Who the Mona Lisa Is

Leonardo da Vinci was a great scientist as well a great artist. He possessed excellent memory and very lively imagination. His work shows integrity and belief in his self expressions.

As seen in his paintings, the subject of motherhood interested Leonardo. Thus, it can be assumed that he painted his mother. The Mona Lisa seems to be the only woman in his paintings (except the Virgin Mary and Saint Anne), who has a motherly expression on her face.

I am quite sure that the painting's subject is Leonardo's mother Caterina in a distant memory. She died in 1495. Lisa del Giocondo's job was to be the model only.

At the time that Leonardo painted the portrait of his mother, whom he adored, she was not among the living. This is the reason why Leonardo chose the setting of the Holy Land, as he imagined it, as the background to the portrait. (The Jordan River is painted to her right and the Sea of Galilee to her left). See: Cross and Yarn-Winder.

The idea is that she was alive in Leonardo's imagination.

This is similar to the background of Leonardo's paintings of the Virgin Mary, which also depict the same landscape of the Holy Land.

Thus, Leonardo glorifies the Mona Lisa as the Virgin Mary. See: Leonardo glorifies Salai as Saint John the Baptist.


Leonardo kept the portrait with him wherever he traveled, until his death. Hence, the Mona Lisa was a significant woman in Leonardo's life.

Leonardo pictured his mother, who raised him until age five, in painting the Virgin Mary. He made an associative connection between these two women in his art.

So, Leonardo's mother was the only significant woman in Leonardo's life, hence deserved to be glorified as the Virgin Mary.


All the women in Leonardo's paintings who have a motherly expression on their face look at their child. In all of his paintings (except Annunciation), the Virgin Mary looks at her son.

In this painting she looks at the painter.

The conclusion is that the painter is her son. (According to the story of her life when she looks at her son, she is smiling and crying at the same time).


Therefore, it is possible that Leonardo encoded the letters C and L (Caterina and Leonardo), in his special reverse style, in Mona Lisa's embroidery on her dress.


During Italian Renaissance Leonardo's time, it was not acceptable to paint ordinary people, only important people or saints.

The woman appearing in the portrait known as Isabella d'Este (1499 - 1500) is actually Leonardo's mother Caterina in distant memory. The woman appearing in the portrait looks like the Mona Lisa and not like Isabella d'Este. See: Titian, Isabella d'Este, 1534 – 1536; They do not have the same forehead and lips. This cartoon which has survived must have been drawn for an important work. See the cartoon in London, National Gallery. The only possible important work we are aware of is the Mona Lisa. See also the veil and the upper dress cut, rounded and not in straight lines. Thus, Leonardo glorifies his mother as a respectable woman.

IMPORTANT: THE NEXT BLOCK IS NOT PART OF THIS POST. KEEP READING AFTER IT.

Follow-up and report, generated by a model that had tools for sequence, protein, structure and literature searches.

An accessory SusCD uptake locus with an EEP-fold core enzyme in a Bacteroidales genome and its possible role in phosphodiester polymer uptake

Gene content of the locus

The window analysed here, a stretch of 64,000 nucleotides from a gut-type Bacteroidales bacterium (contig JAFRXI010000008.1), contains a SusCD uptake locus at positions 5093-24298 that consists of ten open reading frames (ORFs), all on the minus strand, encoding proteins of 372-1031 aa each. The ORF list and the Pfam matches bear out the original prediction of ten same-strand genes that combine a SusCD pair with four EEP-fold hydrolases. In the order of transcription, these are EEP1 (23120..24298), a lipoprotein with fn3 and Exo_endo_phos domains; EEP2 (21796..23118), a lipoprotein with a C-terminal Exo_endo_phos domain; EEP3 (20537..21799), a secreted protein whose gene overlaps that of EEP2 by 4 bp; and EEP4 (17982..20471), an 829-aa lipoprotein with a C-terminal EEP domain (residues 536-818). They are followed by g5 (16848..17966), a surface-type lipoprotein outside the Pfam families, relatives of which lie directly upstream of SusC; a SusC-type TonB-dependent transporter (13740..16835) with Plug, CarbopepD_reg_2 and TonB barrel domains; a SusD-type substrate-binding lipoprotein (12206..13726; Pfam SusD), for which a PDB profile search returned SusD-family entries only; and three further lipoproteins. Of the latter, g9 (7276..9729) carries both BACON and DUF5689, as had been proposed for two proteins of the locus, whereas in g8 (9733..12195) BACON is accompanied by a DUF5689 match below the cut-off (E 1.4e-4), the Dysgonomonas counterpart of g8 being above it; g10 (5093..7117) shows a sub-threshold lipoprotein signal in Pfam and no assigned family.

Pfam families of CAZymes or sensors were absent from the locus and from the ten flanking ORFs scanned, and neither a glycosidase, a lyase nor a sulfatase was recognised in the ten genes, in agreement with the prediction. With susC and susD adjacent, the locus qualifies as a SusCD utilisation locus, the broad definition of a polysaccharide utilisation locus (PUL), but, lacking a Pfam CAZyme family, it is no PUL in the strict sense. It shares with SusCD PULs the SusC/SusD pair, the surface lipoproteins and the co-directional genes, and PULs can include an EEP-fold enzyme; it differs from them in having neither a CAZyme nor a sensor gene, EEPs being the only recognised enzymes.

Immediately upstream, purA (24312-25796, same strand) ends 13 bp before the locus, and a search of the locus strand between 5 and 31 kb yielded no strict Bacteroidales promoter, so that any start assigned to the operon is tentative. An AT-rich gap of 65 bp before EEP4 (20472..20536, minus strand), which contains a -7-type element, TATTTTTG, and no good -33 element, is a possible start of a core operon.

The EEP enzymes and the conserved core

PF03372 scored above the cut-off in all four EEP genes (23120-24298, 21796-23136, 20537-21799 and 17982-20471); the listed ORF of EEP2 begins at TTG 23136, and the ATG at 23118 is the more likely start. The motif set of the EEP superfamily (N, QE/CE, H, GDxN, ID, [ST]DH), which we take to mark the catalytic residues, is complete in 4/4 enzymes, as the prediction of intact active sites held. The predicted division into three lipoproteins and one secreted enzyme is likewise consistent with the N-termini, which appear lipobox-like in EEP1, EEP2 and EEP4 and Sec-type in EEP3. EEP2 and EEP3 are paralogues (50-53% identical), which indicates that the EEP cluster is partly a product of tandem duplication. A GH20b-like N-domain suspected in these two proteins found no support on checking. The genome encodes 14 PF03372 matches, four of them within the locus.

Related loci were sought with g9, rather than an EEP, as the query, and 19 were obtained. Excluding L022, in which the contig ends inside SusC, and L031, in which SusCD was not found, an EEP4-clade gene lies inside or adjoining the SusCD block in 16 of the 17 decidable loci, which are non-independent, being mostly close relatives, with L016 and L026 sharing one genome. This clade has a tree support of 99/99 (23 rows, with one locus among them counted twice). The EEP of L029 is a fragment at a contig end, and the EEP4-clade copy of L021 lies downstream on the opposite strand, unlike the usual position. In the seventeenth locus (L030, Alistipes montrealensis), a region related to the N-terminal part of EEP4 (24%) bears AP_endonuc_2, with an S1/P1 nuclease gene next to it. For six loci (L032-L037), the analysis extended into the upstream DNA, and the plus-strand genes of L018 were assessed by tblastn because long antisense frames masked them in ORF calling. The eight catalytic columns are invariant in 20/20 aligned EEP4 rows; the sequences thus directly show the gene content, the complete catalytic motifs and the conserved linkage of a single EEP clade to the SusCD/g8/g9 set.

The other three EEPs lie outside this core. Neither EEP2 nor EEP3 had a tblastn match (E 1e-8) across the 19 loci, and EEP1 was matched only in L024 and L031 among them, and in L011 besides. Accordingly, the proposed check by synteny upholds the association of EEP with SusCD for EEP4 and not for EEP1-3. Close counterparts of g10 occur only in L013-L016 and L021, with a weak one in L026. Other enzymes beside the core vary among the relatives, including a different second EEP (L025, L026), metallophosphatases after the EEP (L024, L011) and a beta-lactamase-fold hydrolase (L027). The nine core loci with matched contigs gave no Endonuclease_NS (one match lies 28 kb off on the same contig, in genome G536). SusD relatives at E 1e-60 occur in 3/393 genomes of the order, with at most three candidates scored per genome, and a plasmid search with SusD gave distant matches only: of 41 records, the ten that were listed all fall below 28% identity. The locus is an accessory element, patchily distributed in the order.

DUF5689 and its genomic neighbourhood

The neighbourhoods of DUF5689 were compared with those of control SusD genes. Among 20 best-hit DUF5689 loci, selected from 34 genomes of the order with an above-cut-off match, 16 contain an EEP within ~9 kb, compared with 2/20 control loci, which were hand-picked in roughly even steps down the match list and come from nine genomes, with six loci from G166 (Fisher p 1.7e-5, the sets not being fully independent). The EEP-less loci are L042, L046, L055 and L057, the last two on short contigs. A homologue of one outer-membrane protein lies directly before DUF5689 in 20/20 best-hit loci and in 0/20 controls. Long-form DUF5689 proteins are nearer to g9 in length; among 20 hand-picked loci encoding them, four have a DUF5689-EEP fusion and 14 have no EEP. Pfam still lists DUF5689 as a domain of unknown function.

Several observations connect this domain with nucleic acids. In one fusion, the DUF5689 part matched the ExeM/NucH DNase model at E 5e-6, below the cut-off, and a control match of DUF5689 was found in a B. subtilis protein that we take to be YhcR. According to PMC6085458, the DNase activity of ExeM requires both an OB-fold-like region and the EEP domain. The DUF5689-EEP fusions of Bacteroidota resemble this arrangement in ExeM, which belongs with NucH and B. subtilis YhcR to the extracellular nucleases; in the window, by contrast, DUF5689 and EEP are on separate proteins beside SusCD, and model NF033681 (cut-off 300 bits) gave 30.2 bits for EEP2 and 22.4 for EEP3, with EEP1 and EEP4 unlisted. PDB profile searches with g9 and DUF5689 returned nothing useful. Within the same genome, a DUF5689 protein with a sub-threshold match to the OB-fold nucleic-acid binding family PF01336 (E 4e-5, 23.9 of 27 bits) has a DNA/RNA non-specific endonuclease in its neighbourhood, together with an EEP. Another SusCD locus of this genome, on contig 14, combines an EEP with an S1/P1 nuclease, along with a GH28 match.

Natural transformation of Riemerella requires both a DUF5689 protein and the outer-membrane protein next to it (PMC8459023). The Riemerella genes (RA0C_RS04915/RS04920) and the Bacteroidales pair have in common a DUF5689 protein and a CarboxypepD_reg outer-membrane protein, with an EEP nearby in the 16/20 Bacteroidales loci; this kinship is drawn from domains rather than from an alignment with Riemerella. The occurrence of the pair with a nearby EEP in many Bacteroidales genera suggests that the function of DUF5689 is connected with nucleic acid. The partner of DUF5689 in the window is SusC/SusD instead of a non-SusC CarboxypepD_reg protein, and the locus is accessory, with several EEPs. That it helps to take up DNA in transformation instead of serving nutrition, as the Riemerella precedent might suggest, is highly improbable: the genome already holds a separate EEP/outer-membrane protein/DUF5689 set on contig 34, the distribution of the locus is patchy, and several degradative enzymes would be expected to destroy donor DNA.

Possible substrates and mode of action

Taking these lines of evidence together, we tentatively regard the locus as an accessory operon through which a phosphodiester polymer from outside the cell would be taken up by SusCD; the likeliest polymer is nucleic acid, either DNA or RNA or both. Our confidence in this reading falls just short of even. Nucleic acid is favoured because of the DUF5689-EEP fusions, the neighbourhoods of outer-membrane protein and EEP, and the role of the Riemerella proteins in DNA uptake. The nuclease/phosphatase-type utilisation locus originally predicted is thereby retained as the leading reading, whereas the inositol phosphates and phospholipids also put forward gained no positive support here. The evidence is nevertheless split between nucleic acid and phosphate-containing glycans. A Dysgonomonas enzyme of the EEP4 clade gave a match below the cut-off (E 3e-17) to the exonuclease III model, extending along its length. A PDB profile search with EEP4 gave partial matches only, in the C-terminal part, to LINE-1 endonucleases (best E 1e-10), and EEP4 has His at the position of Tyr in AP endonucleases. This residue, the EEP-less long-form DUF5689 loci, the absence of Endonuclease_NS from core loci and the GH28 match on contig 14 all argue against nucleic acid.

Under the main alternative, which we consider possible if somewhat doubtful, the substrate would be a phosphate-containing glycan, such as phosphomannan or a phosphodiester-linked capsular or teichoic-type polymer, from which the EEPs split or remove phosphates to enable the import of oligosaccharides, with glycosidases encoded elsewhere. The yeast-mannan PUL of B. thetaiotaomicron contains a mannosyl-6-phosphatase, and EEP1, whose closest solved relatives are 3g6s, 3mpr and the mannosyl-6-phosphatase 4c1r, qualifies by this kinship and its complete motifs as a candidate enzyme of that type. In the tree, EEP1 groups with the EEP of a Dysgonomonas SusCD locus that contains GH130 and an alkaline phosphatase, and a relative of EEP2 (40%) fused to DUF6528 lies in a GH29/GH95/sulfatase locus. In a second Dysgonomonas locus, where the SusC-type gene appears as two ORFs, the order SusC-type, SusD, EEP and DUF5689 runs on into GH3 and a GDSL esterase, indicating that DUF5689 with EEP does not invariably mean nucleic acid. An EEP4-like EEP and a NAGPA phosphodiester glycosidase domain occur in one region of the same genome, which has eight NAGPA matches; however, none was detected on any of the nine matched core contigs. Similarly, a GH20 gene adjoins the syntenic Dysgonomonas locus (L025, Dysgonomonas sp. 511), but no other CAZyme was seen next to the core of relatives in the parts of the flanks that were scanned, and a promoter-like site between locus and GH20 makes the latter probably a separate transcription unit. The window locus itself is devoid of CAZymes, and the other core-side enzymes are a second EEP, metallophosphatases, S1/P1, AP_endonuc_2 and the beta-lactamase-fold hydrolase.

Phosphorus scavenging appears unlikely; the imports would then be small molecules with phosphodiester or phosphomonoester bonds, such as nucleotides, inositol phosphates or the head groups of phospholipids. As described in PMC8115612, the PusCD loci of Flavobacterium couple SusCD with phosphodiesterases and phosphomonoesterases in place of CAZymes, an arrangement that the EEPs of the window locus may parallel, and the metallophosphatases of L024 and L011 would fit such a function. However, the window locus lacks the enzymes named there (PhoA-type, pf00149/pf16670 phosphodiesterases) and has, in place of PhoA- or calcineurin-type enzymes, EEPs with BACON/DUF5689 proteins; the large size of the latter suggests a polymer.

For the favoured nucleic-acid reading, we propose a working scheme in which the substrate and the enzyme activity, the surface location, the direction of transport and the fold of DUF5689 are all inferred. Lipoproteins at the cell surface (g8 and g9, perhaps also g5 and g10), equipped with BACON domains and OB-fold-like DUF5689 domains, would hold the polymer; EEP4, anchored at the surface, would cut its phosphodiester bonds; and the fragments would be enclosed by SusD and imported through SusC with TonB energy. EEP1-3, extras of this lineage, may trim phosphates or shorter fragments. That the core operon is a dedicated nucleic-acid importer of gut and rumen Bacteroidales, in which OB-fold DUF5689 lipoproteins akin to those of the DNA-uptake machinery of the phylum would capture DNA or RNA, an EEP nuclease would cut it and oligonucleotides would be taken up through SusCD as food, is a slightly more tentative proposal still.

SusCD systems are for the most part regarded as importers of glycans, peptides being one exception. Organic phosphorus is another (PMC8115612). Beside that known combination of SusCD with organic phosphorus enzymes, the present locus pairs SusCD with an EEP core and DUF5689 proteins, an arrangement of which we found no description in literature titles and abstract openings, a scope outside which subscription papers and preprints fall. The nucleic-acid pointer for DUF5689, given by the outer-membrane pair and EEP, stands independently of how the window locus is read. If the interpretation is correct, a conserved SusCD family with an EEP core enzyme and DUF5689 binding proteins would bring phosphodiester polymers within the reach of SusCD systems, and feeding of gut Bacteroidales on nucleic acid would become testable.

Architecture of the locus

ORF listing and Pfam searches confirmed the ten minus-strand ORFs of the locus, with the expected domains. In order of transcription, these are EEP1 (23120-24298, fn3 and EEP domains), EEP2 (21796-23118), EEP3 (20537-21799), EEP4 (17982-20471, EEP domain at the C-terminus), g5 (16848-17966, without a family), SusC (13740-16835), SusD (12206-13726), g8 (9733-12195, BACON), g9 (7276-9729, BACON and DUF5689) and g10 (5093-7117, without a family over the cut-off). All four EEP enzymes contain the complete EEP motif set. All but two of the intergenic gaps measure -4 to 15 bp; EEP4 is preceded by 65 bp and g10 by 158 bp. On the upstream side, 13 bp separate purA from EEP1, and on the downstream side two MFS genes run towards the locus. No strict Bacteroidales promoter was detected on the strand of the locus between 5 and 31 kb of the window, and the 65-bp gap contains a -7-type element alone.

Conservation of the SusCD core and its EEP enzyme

I reached most of these conclusions during my research about Leonardo's art in 1976.

Roni Kempler

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2015, TXu 1-954-682

This is a later edition of a previous work

Who Is the Mona Lisa     2012    TXu 1-812-842 


In addition:

The eyes of Mona Lisa do not sparkle (usually the sparkle is manifested by a white spot) in spite of the direction of the source of light - which comes from the front. This indicates that Mona Lisa exists inside and outside of the spectator's world.

It appears as if her right hand is embracing her son who does not seem to be in her world.

See also the painting Salvator Mundi by Leonardo. Leonardo and Salvator Mundi are very similar. See Leonardo's portrait by Francesco Melzi. Thus, Leonardo glorifies himself as Jesus. See also the letter L (Leonardo), in Leonardo's special reverse style, in Salvator Mundi's embroidery. So, this also indicates that Leonardo's mother was the only significant woman in Leonardo's life, hence deserved to be glorified as the Virgin Mary.

I reached these conclusions during my research about Leonardo's art.

Roni Kempler

All rights reserved